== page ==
Science Fiction Frames: The Repository

Stargate SG-1 and its sequels, Atlantis and Universe, are full of technologies that run the gamut from fantastic to scientifically plausible. In a universe of superweapons and sentient nanotechnology, where Faster-than-Light Drives make intergalactic travel routine, perhaps the most awe-inspiring technology is the Repository of Knowledge, an ancient information storage device found on the planet P3R-272.

The Repository was one of the final labors of a species called the Ancients before their evolutionary ascension, when they shed their physical form for an existence as pure energy. Containing all of the technological and social advancements the Ancients had achieved, the Repository is capable of downloading tens of millions of years of data directly into the mind of a recipient, using a concentrated beam of light. Initially, the recipient achieves astonishing levels of understanding and is able to produce technological leaps and insights far beyond human capabilities. The Repository is used on two separate occasions to provide the key to defeating implacable alien aggressors, but those victories come at great cost.

Overwhelmed by the influx of data, the recipient slowly loses their sanity; their neural structure begins to burn out from the sheer electrical stress placed on the synaptic pathways. But in the interim, prior to complete burnout and death, the newly endowed individual can utilize the knowledge of the Ancients. Colonel Jack O’Neill, pictured above, uses this knowledge to create a generator with capacity to rival the Western U.S. Interconnection power grid, allowing humanity to dial a distant galaxy and begin one of their most important diplomatic relationships, a partnership with the technologically advanced Asgard.

Vast amounts of information are also readily available, virtually anytime and anywhere, in our modern technological paradigm. We can do amazing things with so much raw data, but our human capacity for critical analysis can be overwhelmed quite quickly, resulting in a cognitive overload. Careful attention to methods of information delivery and to curating high-quality content are fundamental to creating an environment for sustained learning and critical thinking.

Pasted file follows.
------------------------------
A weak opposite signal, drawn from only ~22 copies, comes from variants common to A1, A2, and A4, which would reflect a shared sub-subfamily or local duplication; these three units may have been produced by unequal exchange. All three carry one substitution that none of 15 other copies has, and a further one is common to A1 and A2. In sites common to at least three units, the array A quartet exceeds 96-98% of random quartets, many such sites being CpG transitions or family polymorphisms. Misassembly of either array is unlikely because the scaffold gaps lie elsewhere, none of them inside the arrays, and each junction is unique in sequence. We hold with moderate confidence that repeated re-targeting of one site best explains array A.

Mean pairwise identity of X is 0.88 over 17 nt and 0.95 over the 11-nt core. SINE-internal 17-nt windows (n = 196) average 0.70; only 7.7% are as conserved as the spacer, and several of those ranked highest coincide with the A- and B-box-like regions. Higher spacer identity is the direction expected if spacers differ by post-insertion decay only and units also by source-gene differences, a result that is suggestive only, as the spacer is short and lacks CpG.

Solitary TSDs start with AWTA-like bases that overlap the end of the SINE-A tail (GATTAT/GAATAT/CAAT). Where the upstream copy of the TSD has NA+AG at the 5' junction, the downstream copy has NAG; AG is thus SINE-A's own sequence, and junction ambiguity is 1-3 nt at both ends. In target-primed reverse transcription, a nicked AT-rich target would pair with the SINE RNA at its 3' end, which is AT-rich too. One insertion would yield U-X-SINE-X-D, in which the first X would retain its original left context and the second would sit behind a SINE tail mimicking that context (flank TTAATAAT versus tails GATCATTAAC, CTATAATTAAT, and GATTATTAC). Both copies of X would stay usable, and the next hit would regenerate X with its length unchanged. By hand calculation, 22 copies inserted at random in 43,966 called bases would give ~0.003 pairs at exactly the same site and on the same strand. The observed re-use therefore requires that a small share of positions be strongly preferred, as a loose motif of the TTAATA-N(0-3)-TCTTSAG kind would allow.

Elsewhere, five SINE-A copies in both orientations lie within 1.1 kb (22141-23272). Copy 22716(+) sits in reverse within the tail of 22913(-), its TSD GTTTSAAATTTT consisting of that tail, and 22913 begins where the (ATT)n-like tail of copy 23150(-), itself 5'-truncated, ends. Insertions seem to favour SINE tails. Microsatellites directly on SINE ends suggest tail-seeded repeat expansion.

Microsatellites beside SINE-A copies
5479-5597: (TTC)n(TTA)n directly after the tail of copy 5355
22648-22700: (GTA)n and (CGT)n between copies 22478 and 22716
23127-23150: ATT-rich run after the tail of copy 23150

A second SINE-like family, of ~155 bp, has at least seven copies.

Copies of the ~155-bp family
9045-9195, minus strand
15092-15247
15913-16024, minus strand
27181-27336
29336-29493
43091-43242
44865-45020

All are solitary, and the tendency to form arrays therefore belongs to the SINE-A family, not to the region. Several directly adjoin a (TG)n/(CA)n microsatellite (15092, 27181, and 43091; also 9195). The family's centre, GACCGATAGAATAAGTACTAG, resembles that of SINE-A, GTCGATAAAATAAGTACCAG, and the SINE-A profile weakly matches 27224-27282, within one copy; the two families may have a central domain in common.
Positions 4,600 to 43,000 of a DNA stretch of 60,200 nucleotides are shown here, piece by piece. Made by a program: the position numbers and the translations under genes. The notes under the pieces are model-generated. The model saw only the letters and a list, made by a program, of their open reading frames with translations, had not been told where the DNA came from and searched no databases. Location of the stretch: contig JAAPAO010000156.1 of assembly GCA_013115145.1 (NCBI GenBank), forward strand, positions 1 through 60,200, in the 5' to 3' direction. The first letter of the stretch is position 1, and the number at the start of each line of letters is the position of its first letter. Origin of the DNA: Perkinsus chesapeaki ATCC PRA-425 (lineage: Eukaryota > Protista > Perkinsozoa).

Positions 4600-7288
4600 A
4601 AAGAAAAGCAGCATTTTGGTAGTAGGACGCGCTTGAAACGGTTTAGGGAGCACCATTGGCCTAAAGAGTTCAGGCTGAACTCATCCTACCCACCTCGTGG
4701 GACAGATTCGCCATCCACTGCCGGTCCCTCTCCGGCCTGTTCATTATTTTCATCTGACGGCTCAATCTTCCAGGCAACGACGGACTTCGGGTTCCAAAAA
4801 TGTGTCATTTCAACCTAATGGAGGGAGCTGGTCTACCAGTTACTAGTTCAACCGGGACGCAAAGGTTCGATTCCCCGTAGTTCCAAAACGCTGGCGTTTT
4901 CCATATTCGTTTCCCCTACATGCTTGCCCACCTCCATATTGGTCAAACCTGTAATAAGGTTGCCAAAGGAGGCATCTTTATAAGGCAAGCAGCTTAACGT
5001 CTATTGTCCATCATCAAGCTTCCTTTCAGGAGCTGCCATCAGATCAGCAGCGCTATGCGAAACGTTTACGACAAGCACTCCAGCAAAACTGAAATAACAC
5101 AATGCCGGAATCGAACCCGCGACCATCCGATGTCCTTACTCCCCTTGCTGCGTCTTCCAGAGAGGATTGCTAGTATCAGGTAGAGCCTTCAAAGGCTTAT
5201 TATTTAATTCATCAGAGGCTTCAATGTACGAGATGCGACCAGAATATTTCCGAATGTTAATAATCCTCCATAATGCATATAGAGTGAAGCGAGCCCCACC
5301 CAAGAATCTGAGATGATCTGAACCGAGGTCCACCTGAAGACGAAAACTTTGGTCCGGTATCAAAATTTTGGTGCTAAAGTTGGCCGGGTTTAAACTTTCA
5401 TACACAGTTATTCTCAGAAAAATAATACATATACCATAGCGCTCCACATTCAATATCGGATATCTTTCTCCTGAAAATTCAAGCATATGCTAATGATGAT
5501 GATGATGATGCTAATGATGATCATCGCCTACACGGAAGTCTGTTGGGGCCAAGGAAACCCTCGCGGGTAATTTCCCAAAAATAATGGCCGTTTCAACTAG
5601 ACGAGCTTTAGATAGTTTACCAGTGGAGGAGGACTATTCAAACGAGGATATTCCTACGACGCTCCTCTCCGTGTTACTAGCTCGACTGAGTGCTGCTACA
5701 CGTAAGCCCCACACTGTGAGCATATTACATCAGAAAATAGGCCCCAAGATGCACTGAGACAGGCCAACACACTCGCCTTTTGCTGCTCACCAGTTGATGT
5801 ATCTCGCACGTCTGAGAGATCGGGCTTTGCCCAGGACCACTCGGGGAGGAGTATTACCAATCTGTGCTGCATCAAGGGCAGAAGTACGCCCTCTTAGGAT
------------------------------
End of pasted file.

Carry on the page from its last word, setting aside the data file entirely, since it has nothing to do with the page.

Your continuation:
Experience and socialization help to break down the large amounts of information acquired over a lifetime into more easily consumable portions. Conversely, the Repository’s undifferentiated flood of information is the antithesis of contemporary learning theory, eschewing the natural path whereby we acquire knowledge gradually through experience. Nevertheless, the Repository’s allure is undeniable: curiosity, study, and research help to fulfill our fundamental desire to acquire answers to questions beyond our current comprehension. The Repository’s devastating cognitive effects remind us that knowledge acquired through effort, patience, and trial is the most valuable and useful kind.


This piece is part of Science Fiction Frames: a series of incisive analyses, thoughtful meditations, wild theories, close readings, and speculative leaps jumping off from a single frame of a science fiction film or television show. If you would like to contribute to the series or learn more, email us at imagination@asu.edu.